Before moving on, some food for thought – similar to how rhizomatics can show a web of connections between even remotely related elements, what one could call “electracics” or “electranics” could show specifically a web of connections via electricity or a path through electrical or digital elements. The reason I dwell on this is that it reminds me of the work of Stephen Ramsey, specifically Reading Machines: Towards and Algorithmic Criticism. This connection is grounded in Ramsey’s discussion of rhizomatics and Delezuian ideas and how they play into literary criticism and critical theory in the digital age.

Due to its partial derivation from Derridian deconstruction, not even this entirely covers what “electracy” is and could be. But in any case, Rhizcomics is certainly an “electrac” text.  Ulmer writes that “in order to pursue the questions encountered in [Derrida’s] research he had learned how to draw.” After establishing that the anthropocene is intrinsically tied to “electracy,” he writes that “prayer and engineering do not suffice” and that “we desire effective change but are not able,” perhaps, to bring about that change. He ambiguously resolves this cited problem with a single word “draw.” The ambiguity of this is that he, possibly in reference to Derridian binary pairs, explicitly compares the act of drawing in terms of art and in terms of firearms. In brief, at least part of the purpose of Rhizcomics is to exist as a consciously “electrary” (think “literary”) piece with drawn elements.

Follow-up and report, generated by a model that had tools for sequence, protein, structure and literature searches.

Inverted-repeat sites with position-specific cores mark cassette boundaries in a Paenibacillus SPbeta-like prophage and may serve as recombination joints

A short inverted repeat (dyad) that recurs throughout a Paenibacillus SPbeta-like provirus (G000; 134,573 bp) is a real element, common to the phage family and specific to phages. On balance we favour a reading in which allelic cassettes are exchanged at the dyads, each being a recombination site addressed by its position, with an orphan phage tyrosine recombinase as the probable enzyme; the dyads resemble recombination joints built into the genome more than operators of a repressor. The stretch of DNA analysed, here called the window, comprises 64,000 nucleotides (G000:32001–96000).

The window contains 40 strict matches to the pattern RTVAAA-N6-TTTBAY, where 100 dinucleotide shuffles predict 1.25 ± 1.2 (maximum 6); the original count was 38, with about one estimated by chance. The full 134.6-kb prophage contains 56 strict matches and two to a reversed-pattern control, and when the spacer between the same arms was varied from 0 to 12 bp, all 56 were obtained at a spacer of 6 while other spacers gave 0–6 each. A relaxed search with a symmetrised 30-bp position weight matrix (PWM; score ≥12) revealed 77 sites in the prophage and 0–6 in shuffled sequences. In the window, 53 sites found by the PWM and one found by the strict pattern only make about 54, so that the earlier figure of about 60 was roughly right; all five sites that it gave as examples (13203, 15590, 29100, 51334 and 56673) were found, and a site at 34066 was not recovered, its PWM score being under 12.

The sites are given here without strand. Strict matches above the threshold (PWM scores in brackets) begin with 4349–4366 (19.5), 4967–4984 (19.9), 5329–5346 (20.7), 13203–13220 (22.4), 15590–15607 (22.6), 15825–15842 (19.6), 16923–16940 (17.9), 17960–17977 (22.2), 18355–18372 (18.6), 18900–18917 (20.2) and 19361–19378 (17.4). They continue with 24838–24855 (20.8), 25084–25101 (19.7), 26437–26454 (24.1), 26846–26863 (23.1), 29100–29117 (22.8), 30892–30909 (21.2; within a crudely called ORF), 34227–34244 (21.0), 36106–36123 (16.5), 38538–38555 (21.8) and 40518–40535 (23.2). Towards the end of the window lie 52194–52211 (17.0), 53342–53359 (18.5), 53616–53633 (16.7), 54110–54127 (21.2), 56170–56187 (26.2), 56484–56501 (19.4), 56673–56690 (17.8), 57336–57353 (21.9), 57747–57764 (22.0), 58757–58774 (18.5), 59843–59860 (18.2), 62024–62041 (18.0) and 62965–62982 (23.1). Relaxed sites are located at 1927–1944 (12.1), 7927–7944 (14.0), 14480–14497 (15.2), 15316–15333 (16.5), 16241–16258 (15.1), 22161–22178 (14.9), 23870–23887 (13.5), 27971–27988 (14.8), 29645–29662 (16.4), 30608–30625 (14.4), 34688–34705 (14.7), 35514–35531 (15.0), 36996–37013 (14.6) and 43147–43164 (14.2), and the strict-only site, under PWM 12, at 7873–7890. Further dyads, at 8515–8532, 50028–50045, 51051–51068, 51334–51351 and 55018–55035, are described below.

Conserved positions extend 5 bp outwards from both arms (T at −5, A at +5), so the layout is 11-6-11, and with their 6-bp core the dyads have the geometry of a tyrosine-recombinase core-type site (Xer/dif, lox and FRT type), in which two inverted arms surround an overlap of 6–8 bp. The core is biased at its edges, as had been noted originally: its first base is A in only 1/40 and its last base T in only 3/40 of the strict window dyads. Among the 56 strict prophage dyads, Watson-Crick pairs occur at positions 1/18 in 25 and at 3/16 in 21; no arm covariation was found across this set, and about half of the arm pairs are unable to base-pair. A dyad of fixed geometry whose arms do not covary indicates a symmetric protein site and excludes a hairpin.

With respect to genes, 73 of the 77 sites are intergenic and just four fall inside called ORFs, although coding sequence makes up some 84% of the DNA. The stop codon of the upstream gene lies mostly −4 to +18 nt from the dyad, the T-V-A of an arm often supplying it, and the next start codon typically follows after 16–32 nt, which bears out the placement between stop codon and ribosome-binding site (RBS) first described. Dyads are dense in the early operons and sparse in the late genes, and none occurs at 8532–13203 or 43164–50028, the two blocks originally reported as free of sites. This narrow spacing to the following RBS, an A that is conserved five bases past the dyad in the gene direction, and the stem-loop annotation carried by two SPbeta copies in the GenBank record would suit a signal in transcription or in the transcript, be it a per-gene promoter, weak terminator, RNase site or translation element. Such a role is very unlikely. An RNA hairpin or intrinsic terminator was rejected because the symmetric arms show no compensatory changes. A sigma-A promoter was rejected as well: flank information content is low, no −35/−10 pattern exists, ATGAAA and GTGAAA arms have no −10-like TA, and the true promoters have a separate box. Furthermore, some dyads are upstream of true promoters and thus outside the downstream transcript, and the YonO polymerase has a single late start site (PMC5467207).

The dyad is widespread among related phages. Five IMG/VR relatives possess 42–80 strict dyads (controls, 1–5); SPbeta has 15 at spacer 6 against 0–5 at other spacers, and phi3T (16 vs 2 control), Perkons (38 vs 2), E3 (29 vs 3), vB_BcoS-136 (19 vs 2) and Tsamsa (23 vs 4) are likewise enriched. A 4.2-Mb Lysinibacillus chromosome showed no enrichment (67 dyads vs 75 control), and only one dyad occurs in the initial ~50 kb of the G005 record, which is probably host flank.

In the page titled Some Context, Helms discusses the work of a number of creators, including, Jody Shipka and Susan Delagrange to establish just that – context. However, he writes that “new media also rely on interplays of image and text, though none so explicitly and obviously as comics do.” This is far more straightforward and less ambiguous than parts of Ulmer’s discussion of “drawing.” The implication seems to be that the answer to the question “why a comic” is that comics are the most explicitly and obvious reliant on the rhizomatic connections between images and texts.

More information can be found on the page titled Defining Rhizcomics. A “rhizcomic” (the term, not the title) is an interesting case because comics exist at the intersection of image and text, which in a sense, could be seen as a rhizomatic node. Strangely though, Helms claims the term’s creation was a “goof,” and that the rhizome would seem to be a “preposterous introduction to comics.” In any case, he discusses the way in which aspects and elements of a comic, such as characters, are intrinsically rhizomatic and connect to the text, the images in the text, and even other texts and canons. Thus, another aspect of the purpose of Rhizcomics is a piece of writing that was intentionally created with this in mind.

Despite the sheer amount of explanation the project needs to fully establish its context and purpose, and the amount of familiarity with rhizomatics that one examining this project would probably want to have, its audience may not be all that limited. Admittedly, the project requires an amount of conscious attention to interact with, and it’s hard to discuss in writing without simply restating much of what’s on the site, and it’s even harder to discuss aloud in this manner. Furthermore, due to how rhizomatics is as a concept, it’s difficult to discuss Rhizcomics in a concise manner.